As much as you want to get that great apartment, it's smart to pause and make sure this arrangement is right for both of you. Schedule a lunch or dinner together and discuss the decision before you sign the lease.
- Know your limits: Sometimes it’s difficult to find that sweet spot where you know you are being reasonable—not a tyrant, but not a doormat. Think about how you like to live and what’s a big deal to you. Do you like things quiet on Saturday and Sunday mornings so you can sleep in? Does it drive you nuts to come home to a pile of dishes soaking in the sink? Tell your prospective roommate upfront and give them a turn to talk about their deal-breakers, too.
- Discuss your habits: Talk about your daily routine and then ask your roommate(s) to walk through theirs. Take time to work through issues like kitchen and bathroom access so you can all stay on schedule and find a compromise.
- Talk expectations and personality: Ask your roommate what they’d like to get out of this arrangement so you aren’t disappointed if they want the detached, mind-your-own-business life while you're seeking friendship. Consider taking an online personality quiz, whether it’s a brief pencil/paper version or something more in depth, and use that to begin your conversation.
- Shared expenses: Have the money talk and try to get a good handle on expenses so you know who's responsible for what. Once you’ve decided on bills, make it official and easy to see. Some apps help you keep track or will even send payments for you. In other instances, a simple chart and envelope will do.
- Chores: Agree to a basic plan, such as making sure all dishes are washed and stray items picked up and put away every day. Then make a cleaning schedule and divide up the chores. Give each other an incentive to follow through—for example, if one has to handle a chore for the other, the one who dropped the ball must carry 5 percent of the roommate’s rent for next month.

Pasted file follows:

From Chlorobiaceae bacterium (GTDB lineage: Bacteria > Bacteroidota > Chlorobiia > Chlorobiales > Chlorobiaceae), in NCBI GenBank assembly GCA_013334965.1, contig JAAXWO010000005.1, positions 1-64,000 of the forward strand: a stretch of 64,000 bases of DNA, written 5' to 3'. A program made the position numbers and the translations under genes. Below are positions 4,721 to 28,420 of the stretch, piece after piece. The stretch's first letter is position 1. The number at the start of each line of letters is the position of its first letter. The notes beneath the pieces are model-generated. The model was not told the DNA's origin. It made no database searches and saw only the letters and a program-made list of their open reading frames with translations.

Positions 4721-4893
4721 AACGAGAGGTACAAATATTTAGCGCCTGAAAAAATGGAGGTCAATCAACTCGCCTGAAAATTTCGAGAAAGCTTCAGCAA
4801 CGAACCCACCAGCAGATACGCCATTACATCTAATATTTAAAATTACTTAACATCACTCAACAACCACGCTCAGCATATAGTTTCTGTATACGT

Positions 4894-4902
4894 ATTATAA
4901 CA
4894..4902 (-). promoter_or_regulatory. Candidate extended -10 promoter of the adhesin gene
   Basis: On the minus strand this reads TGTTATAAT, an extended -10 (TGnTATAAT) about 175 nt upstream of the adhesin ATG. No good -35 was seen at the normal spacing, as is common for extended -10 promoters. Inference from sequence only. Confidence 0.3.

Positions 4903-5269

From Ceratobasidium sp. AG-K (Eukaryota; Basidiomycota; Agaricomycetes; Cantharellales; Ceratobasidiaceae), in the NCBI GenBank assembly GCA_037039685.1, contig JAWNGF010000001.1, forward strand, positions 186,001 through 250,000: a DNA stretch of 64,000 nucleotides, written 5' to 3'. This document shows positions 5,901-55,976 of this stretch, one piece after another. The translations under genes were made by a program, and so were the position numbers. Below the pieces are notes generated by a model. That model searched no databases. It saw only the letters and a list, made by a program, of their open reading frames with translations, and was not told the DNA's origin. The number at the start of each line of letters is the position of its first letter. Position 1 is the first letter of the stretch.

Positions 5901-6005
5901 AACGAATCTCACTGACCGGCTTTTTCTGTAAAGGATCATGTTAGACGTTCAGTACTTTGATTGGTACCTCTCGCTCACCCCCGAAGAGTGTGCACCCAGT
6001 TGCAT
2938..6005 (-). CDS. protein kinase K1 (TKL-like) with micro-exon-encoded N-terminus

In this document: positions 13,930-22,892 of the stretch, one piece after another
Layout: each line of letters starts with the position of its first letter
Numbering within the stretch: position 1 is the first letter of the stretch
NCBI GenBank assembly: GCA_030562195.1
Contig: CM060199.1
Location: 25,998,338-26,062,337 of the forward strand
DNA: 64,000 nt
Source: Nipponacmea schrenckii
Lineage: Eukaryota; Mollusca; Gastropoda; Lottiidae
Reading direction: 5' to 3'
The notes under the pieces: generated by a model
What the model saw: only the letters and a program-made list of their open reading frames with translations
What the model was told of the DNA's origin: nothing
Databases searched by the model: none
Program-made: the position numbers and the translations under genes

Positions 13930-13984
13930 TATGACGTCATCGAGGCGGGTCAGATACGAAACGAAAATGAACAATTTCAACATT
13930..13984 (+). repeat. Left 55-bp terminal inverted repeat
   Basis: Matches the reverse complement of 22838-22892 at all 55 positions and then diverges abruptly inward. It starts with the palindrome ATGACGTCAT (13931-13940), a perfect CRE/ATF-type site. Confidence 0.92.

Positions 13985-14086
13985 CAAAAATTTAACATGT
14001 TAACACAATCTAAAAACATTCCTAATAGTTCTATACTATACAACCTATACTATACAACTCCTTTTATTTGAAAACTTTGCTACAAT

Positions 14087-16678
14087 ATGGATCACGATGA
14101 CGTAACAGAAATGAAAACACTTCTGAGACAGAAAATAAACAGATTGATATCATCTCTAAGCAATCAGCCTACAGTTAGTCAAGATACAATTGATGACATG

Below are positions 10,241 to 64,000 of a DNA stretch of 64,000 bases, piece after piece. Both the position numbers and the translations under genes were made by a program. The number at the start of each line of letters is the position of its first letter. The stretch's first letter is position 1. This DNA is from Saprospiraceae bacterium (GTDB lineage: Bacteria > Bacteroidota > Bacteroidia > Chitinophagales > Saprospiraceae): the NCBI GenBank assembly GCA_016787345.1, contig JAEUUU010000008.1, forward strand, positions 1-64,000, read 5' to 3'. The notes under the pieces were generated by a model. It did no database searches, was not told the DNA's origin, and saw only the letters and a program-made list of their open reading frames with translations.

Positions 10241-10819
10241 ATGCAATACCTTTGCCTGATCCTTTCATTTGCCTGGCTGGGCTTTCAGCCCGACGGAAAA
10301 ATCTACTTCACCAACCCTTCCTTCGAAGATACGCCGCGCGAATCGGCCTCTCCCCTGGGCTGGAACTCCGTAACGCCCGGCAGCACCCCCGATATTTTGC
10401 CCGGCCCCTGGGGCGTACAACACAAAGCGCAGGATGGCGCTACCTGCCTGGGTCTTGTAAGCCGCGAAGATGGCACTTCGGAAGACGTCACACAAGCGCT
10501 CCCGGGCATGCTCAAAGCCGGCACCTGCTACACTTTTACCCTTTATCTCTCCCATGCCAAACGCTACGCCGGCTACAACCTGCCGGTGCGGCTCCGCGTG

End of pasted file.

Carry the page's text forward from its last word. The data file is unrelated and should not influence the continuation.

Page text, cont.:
- Renters insurance: Your landlord’s policy most likely won’t protect the belongings you bring into the apartment. Additionally, if something happens to a visitor spending time at your place, renters insurance can also protect you if there are medical costs for which you’re responsible. Ask your roommate if he or she is covered and be sure to shop for a policy of your own.
- Emergency contacts: Make sure both of you have all the information you need to handle anything that comes up. This should include your property management company, including an after-hours emergency phone number, along with your utility company and any service people you might be allowed to call on your landlord’s behalf. It’s also a good idea to swap emergency contact information so you can easily reach your roommate’s boss or loved ones if something comes up.
- Trust your gut: If you have a bad feeling about this person, you can always opt out. It's not fun to drop this bombshell on anyone, but it’s much easier to do it before any papers are signed.
In the final post, learn about the ways you can avoid conflict with the roommate you eventually choose.